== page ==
Trauma Bonding: Why People Repeat being Abuse Victims

[vc_row][vc_column][vc_column_text]How Childhood Trauma Can Ruin Your Current Relationship and How to Heal So It Doesn’t

It’s only fair to share…

Attachment to others has been shown to be the basic human motivation. When people are victimized at a young age, their brains actually adapt to their environment and they learn that the way to attach is to be a victim. This is not just a psychological phenomenon; it is also a neurobiological phenomenon. People who have abuse histories may not even feel a desire to be attached to someone who is kind, genuine and safe. That is not the way their brains learned how to attach.

Also, abusive people are not always abusive. Often, the abuser of a child is also loving and affectionate at times. The child learns to take the abuse with the love. This child can grow into an adult who is unconsciously attracted to the person who also vacillates between kindness and cruelty. This is the way an abuser can control his or her victim. The victim continues to take the abuser’s cruelty so that he or she can hopefully experience the love and the tenderness that will come after the wave of abuse.

There are things that can be done to break the pattern and even change the wiring in the brain. I will be talking about ways that people can heal, recover and change their victimization patterns in future writings and videos. One thing I have been immersed in in 2015 is learning and practicing a treatment modality called EMDR that stands for Eye Movement Desensitization and Reprocessing. It is a treatment modality that helps people quickly and successfully resolve trauma that has kept people stuck in unhealthy belief, behavior and feeling patterns. This is an approach that helps people change their brain wiring so that they can have a better life and better relationships. People do not have to stay stuck in trauma bonding patterns. They can learn how to bond and attach in healthy ways. This whole month I will be writing about different aspects of trauma and how to break free. Please stay tuned!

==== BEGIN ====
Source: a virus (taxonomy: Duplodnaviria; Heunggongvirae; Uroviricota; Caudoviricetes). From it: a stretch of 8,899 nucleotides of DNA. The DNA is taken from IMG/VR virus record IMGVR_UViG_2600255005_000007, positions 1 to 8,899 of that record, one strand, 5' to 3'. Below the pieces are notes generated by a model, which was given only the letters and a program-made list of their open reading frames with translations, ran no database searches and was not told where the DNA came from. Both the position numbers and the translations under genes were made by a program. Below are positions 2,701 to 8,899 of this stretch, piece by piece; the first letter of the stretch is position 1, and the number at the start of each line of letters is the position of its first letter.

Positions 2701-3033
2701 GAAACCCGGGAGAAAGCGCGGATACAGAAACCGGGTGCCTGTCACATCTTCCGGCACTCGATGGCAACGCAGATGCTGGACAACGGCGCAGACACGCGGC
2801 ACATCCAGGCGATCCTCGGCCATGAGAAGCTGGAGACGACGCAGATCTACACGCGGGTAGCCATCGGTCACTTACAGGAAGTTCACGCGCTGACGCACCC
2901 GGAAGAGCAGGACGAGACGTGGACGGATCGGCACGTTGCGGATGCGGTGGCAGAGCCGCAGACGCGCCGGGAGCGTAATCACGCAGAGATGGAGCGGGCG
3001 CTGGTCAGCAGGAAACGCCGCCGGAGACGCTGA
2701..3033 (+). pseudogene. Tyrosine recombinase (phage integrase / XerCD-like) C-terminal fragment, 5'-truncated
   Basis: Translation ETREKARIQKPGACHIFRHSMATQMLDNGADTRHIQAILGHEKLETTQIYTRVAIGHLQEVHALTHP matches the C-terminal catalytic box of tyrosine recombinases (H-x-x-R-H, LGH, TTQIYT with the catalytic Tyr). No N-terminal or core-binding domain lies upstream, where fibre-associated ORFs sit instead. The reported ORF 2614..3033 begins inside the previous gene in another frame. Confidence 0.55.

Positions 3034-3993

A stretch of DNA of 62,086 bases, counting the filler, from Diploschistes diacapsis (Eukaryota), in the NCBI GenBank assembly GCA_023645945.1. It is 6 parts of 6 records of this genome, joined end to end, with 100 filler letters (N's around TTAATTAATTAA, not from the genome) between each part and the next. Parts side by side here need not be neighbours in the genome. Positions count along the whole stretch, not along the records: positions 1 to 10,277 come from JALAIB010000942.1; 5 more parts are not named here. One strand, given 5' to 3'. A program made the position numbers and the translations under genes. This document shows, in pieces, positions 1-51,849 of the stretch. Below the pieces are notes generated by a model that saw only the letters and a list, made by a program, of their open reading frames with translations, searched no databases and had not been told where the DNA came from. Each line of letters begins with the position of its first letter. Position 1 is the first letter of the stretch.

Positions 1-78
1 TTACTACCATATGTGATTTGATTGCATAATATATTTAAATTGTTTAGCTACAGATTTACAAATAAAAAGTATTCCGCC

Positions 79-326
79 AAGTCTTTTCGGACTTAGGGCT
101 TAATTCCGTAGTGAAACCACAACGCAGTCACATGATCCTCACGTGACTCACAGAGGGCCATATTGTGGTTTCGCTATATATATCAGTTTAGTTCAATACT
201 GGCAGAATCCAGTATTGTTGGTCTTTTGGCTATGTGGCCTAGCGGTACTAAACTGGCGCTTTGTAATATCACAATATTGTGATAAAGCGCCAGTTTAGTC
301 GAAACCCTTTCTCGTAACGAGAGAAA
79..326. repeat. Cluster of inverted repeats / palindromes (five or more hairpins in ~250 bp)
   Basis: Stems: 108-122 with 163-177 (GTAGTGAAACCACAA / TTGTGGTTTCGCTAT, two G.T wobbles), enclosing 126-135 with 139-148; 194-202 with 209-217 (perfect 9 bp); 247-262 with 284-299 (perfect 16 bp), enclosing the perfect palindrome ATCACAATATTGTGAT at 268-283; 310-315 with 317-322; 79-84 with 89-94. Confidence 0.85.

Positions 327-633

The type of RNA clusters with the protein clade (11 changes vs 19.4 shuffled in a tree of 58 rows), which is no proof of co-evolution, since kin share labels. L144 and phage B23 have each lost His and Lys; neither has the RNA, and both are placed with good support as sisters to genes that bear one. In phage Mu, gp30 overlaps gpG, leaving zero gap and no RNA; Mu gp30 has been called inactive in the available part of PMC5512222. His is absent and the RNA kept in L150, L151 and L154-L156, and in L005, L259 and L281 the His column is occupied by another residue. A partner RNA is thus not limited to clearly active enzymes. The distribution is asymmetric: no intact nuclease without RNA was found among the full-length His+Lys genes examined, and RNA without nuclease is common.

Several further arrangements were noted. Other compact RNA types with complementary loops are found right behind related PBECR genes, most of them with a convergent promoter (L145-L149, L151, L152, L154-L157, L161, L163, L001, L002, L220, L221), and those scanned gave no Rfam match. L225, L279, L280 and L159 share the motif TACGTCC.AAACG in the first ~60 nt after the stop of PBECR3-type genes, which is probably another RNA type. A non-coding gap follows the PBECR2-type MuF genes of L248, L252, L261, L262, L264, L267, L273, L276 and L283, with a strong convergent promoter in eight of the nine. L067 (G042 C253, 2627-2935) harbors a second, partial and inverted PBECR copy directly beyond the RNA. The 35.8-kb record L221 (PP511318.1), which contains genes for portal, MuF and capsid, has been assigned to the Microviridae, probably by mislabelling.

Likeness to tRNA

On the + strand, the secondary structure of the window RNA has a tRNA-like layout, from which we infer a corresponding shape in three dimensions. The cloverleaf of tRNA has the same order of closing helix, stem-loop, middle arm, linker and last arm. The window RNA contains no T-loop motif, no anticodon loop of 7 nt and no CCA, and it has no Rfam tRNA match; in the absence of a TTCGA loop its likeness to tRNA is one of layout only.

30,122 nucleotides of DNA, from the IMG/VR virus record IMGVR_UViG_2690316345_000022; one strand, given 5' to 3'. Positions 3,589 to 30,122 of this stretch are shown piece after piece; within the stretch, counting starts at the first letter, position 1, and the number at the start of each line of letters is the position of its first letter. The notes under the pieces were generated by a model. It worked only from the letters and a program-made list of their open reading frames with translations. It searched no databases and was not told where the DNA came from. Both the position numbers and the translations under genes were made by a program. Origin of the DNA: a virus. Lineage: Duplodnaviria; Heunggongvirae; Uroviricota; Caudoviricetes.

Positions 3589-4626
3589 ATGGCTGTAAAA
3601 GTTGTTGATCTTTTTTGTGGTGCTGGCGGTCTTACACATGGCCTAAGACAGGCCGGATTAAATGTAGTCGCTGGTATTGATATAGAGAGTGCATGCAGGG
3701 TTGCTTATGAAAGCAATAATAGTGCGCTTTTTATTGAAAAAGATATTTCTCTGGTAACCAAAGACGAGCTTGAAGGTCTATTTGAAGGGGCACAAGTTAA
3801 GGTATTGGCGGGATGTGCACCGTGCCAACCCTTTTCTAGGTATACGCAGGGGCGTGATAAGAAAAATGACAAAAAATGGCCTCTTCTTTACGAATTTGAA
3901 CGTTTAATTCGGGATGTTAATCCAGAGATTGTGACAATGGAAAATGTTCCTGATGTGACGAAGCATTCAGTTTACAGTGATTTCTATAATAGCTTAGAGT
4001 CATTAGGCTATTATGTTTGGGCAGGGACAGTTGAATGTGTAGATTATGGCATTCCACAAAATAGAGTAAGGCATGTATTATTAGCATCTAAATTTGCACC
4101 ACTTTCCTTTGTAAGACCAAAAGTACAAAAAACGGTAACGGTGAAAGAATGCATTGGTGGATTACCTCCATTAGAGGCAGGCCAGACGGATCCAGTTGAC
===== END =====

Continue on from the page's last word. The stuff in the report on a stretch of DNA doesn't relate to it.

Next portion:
It’s only fair to share…By Todd Creager LCSW, LMFT[/vc_column_text][/vc_column][/vc_row][vc_row][vc_column][vc_column_text][easy-social-share buttons=”facebook,twitter,google,pinterest,tumblr,print,mail” counters=”0″ counter_pos=”left” total_counter_pos=”left” hide_names=”no” fullwidth=”” fixedwidth=”” sidebar=”” sidebar_pos=”left” popup=”” float=”” template=”metro-retina”][/vc_column_text][/vc_column][/vc_row][vc_row][vc_column][vc_separator][/vc_column][/vc_row][vc_row][vc_column][vc_basic_grid post_type=”post” max_items=”3″ orderby=”rand” item=”76259″ grid_id=”vc_gid:1445973327862-51fb42cf-d589-6″][/vc_column][/vc_row]


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  1. I feel like this may be indicative of my situation. I was raped and sexually abused at a young age and have a parent who is not abusive but most certainly emotionally inept on a deep level. Without being cognizant of it, I find myself attracted to abusive personalties time and time again. I now have a husband who I am 99.9% sure is a sociopath (he has lied, cheated, deceived, and more…) and I want to leave but don’t know how. If I have truly developed trauma bonding, how do I break the cycle and how to I re-wire myself to be attracted to a person who does not exhibit abusive behaviors?